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Why is it that whilst some regions in the world consistently produce food surpluses, in others malnutrition is chronic and they have periodic food shortages?

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Introduction

Why is it that whilst some regions in the world consistently produce food surpluses, in others malnutrition is chronic and they have periodic food shortages? In the world today, the three richest people in the world have more money than the 600,000 poorest. It is clear that the main reason for there being food surpluses in some countries and shortages in others, is the widening gap between the rich and the poor. In many LEDCs, such as Ethiopia and Mali in Africa and India in Asia, people are suffering from malnutrition and famine. Whereas in MEDCs, especially in North America and Europe, people are suffering from obesity and food surpluses. Until the late 1980s, both MEDCs and LEDCs were seeking to intensify farming and increase food production. However, in order to convert from extensive to intensive farming, (increasing inputs and efficiency to increase output) intention, planning and investment were needed. In MEDCS such as in the UK, farms began to increase in size due to amalgamation, enabling 'economies of scale' and farming became a business, with agro-scientists developing new seeds to suit certain climates and environments. ...read more.

Middle

Problems of overpopulation in many LEDCs only enhances the problem of food shortages. In India, the population has reached 1 billion and the lack of efficient farming means that they are unable to provide sufficient levels of food for the constantly growing population. In addition, overpopulation has lead to overcultivation of the land which has caused the soil in some areas to become infertile. Soil infertility is a significant problem in Africa as well, especially in the Sahelian countries. However, farmers and companies from the MEDW (mainly European countries) instead of helping, kick locals off their land and set up plantations for export crops on the most fertile land, meaning that local farmers are forced to grow staple crops such as maize and millet on the less fertile land and therefore produce less. The periodic droughts also affect the soil structure and in contrast to the majority of people in MEDCs, many Africans lack the finance and knowledge and education to adopt and develop better growing methods such as crop rotation and contour terracing. ...read more.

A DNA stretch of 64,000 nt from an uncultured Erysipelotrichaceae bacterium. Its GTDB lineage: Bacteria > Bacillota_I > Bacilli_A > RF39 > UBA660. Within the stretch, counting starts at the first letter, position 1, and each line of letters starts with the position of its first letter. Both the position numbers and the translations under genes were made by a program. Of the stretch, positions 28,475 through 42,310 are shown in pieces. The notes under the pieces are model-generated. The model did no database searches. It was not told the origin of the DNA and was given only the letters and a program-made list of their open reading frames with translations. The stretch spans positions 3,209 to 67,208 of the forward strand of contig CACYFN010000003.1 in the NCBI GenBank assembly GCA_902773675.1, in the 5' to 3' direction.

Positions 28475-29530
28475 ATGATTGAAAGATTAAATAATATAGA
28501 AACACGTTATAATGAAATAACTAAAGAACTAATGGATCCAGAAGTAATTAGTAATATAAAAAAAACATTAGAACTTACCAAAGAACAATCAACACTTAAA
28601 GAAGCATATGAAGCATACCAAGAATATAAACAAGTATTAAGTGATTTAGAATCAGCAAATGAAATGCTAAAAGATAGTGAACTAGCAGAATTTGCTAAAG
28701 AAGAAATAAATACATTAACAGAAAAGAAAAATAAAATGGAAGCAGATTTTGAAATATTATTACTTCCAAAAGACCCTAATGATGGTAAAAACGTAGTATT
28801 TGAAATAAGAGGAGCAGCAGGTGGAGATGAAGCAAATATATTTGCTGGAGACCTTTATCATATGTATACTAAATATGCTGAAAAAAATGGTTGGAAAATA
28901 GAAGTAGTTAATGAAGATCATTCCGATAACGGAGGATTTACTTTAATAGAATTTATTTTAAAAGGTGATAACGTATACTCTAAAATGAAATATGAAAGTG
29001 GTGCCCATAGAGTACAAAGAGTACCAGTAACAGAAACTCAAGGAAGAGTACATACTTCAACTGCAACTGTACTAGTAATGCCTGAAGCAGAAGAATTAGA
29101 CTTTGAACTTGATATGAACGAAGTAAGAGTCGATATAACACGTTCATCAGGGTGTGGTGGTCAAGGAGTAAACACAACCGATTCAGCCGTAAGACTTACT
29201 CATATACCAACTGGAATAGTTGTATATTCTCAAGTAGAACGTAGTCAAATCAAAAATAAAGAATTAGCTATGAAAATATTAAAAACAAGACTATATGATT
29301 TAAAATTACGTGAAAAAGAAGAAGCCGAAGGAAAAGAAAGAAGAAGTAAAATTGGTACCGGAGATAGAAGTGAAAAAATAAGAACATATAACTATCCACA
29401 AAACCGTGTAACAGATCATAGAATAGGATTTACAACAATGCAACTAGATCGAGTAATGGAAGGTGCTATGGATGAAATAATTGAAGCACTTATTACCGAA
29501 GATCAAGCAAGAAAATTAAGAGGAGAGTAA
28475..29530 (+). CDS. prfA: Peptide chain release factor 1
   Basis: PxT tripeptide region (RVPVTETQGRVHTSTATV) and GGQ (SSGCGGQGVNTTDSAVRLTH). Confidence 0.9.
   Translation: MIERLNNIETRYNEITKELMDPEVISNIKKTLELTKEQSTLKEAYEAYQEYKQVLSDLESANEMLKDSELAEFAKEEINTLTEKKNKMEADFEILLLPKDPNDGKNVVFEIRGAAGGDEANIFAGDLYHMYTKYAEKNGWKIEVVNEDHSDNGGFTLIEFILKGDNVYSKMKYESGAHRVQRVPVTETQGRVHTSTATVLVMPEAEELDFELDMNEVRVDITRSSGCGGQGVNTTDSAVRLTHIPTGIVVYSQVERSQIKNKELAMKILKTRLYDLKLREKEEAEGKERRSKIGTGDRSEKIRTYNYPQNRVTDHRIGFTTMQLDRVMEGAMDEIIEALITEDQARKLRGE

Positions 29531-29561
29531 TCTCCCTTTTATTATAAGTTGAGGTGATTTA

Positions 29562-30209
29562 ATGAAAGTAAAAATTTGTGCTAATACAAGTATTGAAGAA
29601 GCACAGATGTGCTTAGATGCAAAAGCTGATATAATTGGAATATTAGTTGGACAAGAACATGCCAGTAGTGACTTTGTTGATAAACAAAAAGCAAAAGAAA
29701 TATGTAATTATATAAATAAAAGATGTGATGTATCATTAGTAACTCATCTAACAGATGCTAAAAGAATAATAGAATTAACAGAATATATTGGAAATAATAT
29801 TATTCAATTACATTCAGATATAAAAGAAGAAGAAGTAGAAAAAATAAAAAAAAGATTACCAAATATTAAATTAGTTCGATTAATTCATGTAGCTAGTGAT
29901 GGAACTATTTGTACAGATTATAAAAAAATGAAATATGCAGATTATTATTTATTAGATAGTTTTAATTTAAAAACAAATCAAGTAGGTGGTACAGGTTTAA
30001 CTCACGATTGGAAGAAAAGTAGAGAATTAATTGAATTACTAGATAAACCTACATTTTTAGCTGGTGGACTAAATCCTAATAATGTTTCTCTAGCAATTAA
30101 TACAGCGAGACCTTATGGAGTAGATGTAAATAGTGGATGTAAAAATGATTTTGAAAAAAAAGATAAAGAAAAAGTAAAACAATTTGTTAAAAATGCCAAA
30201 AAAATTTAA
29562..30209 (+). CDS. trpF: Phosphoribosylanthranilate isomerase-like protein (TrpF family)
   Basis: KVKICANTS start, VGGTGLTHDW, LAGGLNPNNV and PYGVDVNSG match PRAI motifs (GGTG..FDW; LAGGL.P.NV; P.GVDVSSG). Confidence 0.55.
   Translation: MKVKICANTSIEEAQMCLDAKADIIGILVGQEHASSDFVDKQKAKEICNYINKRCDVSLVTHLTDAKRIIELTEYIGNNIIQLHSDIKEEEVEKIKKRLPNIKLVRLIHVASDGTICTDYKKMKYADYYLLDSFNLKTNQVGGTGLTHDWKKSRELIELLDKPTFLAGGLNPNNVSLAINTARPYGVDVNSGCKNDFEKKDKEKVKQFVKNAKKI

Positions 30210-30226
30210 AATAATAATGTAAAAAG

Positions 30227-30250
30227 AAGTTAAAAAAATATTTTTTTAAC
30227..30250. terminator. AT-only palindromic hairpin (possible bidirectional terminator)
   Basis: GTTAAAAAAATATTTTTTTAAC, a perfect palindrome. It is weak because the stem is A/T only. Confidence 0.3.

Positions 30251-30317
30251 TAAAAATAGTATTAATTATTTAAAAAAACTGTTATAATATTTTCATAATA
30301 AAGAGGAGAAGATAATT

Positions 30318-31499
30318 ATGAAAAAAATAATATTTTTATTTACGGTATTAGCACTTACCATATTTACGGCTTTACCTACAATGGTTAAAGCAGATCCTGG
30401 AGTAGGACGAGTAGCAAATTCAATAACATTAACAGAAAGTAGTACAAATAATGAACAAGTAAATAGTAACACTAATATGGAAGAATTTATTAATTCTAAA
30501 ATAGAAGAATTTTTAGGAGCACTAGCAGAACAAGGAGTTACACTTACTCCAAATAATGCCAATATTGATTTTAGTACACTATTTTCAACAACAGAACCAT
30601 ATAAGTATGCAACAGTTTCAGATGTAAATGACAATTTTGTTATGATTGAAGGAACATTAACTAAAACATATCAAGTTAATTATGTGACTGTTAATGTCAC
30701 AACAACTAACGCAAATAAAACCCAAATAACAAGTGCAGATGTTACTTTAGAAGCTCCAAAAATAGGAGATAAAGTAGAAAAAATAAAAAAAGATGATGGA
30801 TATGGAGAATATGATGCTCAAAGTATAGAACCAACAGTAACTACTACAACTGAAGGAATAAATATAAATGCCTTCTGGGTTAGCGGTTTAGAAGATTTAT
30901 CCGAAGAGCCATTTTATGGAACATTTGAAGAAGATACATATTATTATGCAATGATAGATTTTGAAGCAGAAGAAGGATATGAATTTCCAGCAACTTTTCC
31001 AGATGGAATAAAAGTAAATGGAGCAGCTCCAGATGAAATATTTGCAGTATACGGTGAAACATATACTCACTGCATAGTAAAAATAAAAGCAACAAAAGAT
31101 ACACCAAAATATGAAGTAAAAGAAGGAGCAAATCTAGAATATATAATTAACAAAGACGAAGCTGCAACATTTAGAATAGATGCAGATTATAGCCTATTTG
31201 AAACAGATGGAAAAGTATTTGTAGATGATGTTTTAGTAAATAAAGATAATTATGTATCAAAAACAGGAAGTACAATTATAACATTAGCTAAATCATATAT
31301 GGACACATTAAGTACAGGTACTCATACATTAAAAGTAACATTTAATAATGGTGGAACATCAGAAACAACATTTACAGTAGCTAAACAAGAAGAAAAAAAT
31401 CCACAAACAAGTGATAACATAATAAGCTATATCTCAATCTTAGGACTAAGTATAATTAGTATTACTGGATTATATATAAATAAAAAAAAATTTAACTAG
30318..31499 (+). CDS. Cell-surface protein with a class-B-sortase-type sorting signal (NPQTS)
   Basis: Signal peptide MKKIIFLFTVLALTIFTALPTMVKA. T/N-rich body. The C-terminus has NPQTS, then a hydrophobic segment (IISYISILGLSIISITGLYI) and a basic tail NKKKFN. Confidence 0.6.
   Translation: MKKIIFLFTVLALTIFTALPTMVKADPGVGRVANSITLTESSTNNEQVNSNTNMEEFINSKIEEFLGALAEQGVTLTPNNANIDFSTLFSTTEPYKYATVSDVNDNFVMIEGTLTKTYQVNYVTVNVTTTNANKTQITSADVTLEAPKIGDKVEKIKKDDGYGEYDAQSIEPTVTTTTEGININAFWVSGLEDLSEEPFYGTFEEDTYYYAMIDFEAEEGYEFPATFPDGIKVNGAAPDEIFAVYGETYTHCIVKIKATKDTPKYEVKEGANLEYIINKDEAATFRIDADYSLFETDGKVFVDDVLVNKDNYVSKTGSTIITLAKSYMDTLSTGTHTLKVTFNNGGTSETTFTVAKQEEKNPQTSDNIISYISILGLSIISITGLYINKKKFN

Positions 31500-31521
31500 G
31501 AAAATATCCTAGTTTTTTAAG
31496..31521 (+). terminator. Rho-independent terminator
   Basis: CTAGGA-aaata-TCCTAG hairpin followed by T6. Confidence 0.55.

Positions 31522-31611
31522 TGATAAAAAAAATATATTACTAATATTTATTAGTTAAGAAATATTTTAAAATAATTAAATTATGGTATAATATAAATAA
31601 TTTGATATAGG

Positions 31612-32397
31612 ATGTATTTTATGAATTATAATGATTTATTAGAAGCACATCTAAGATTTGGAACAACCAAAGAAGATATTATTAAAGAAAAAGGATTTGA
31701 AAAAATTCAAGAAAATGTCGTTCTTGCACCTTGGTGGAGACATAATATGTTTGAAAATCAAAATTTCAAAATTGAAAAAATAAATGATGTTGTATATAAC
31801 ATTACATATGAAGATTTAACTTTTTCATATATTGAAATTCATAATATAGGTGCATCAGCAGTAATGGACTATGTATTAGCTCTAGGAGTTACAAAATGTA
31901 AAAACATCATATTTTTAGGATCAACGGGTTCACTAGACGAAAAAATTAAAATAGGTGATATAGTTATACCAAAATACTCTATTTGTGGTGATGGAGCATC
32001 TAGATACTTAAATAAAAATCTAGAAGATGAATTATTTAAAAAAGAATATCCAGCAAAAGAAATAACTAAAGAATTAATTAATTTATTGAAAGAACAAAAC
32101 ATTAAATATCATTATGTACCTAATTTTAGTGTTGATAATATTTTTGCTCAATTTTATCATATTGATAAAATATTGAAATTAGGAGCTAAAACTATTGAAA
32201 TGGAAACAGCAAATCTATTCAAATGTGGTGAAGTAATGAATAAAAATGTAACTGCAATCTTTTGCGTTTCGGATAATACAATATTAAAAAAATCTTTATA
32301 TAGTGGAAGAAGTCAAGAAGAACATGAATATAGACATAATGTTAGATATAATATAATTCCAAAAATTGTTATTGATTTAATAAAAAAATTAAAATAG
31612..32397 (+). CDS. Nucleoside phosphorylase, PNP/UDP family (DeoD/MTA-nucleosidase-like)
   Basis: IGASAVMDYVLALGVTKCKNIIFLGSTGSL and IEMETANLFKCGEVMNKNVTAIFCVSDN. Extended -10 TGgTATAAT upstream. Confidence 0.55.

Conclusion

A minimum price was set for agricultural produce and the EU guaranteed to buy up any amount at this price. If there was a glut of produce one season, the EU would by some of it and store it. The next season, if there was a shortage, the EU could take the produce out of storage and sell it. (Buffer stocks) However, the constant good seasons meant that food kept building up as the EU could not sell any and the high minimum price set caused severe food surpluses such as the 'butter mountains'. MEDCs developed long before the majority of LEDCs, and in that time, were able to build up their wealth and political status and therefore create the investment and technological intelligence needed for ensuring sufficient food supplies. In addition, the stable climatic conditions and slowing population growth rates have meant that countries such as the UK have less difficulty in sustaining food supplies. Whereas in many LEDCs, vast poverty mixed with unpredictable natural disasters and high population growth rates prevents agricultural development and therefore leads to periodic food shortages and malnutrition. ?? ?? ?? ?? ...read more.

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